Does race define the way you speak?
DETROIT – It's happened to President Obama in a 2008 interview: He was accused of "talking white."
Then, a video posted on the website MediaTakeOut.com shows two students fighting at school. The headline? "Thug Bullies Classmate for "Talking White."
We've all likely been teased by other kids for doing something wrong, making a mistake or embarrassing ourselves, but one metro Detroit man was teased for most of his life for doing something the right way -- and he's not the only one.
Ralph Thompkins was about 9 years old when it started happening. Black kids his own age teased him for the way he spoke.
"I ended up going to a summer camp that was actually held in Detroit, and I grew up in Farmington Hills," Thompkins said. "So, the first time I went out there and I had said something, they're like 'Wow, you sound different.'"
As Thompkins got older, people continued to point out that he "talked white."
"What does that mean?" asked Local 4's Evrod Cassimy.
"You know, I don't know? I'm still trying to figure that out to this day," Thompkins said.
Social worker Dr. Ronald Hall studies speech patterns and race.
"There's a black language style but it doesn't have anything to do with race, but it's associated with race," Hall said. "If you grow up in a black environment, normally you're going to speak in a black speech pattern. But if you're white and grow up in a black environment you're probably going to speak a black language style as well."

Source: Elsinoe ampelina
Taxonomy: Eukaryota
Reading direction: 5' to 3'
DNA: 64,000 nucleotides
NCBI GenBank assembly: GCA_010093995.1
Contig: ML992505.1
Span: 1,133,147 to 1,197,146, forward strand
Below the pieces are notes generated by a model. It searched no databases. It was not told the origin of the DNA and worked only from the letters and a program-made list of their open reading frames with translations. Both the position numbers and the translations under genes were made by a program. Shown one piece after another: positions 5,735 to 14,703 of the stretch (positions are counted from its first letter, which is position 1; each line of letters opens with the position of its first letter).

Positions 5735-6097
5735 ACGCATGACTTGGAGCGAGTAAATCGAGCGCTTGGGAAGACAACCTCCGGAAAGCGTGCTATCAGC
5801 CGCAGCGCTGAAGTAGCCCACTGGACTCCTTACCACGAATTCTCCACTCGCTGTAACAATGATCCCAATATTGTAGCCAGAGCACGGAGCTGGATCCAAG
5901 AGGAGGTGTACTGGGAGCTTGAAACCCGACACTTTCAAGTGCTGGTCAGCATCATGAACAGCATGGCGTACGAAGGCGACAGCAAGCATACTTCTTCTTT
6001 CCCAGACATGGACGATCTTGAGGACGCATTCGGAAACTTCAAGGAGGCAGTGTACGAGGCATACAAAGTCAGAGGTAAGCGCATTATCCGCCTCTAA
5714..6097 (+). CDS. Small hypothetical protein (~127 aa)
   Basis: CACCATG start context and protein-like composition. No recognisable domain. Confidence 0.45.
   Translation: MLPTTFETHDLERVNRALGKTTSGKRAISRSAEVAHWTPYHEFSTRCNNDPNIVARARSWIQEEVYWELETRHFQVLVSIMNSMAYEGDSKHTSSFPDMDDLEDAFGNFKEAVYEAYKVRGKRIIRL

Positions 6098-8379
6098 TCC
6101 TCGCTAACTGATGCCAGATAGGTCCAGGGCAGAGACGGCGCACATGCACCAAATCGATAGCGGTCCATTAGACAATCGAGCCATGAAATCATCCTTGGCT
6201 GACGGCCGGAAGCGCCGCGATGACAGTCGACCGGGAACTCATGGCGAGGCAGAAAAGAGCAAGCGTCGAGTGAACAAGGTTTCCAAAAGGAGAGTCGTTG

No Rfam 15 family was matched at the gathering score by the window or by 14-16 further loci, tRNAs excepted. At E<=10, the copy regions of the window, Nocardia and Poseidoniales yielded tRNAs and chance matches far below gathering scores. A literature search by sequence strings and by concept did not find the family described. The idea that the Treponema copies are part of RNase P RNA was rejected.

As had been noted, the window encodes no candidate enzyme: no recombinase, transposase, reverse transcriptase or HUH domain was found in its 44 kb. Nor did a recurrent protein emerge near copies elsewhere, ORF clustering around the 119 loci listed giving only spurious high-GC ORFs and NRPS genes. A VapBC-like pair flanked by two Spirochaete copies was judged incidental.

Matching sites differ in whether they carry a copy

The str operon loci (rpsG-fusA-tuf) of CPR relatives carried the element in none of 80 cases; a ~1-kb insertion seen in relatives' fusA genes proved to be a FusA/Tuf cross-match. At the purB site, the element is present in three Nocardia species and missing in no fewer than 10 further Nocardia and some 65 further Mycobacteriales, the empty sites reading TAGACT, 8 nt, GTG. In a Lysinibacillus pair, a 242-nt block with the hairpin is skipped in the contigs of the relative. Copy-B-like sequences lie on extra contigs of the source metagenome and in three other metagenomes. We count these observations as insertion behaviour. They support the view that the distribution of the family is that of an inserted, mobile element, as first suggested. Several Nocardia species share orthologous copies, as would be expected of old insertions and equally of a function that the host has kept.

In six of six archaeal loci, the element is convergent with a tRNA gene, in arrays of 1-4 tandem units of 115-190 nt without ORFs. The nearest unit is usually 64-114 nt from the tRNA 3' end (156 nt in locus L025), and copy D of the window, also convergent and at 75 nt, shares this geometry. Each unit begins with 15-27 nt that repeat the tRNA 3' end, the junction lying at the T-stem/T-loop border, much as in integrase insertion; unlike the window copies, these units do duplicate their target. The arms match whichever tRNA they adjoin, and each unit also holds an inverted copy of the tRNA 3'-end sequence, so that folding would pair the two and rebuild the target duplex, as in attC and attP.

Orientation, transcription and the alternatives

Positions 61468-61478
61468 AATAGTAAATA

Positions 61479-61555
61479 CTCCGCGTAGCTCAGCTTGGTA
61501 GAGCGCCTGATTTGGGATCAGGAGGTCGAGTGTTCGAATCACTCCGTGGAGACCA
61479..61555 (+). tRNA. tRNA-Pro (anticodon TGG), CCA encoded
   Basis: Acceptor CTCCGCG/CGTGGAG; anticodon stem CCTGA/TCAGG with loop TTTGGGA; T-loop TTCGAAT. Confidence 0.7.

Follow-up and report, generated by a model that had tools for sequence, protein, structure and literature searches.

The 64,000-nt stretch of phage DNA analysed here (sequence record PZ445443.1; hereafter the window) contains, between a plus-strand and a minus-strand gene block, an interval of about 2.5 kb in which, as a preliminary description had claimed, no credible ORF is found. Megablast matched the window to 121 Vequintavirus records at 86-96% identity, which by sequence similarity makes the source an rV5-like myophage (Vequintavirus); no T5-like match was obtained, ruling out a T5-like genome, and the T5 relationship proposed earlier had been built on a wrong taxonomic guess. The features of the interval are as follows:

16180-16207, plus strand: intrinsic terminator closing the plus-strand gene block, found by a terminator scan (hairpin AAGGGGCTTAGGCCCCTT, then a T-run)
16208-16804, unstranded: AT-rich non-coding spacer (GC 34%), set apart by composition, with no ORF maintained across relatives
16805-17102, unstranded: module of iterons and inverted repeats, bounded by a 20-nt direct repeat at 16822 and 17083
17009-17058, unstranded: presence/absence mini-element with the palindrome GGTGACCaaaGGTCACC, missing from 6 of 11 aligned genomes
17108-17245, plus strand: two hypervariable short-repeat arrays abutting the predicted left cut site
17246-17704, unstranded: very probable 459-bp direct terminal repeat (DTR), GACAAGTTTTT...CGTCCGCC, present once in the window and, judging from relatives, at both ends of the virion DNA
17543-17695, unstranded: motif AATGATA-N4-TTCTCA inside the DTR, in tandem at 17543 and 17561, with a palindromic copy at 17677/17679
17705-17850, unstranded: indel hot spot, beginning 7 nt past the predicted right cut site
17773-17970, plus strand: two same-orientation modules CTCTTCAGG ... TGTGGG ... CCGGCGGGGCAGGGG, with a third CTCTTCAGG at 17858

Thompkins tried speaking more of what he felt was expected of him in school, hoping to avoid teasing.
"It'd be things of 'Wassup, homie?' You know, use of the n-word, which for me I didn't grow up with that in the household," Thomkpins said. "So, those things, 'What's up, what's going on,' just different types of slang that I honestly haven't heard before."
But it didn't work.
"As a pre-teen, as a teenager of course that stuff hurts," Thompkins said.
At Al's Barbershop on Detroit's west side, the stories were similar.
"I was being interviewed about a shopping thing by a local newscaster and when I got back to my softball team I was teased profusely," said Claude Allen May. "They were telling me, 'Oh, I saw you on the news and you were talking white."
"I would say things like water, you know? They'd say, 'Why you talking white?" added another customer.
"They're being critical and kind of being in a position that they're judging a person," another one commented.
Hall said that the people who are being teased need to understand that the problem doesn't lie within them, but that it's an issue the other person has.
These days, Thompkins is comfortable with the way he speaks. He said he believes that when it comes to speech, it's not black or white.
"The way you speak is where people can understand what you're saying," he said.
And while race doesn't define the way you speak, Hall said that overall it's always important to, no matter what, just be yourself.
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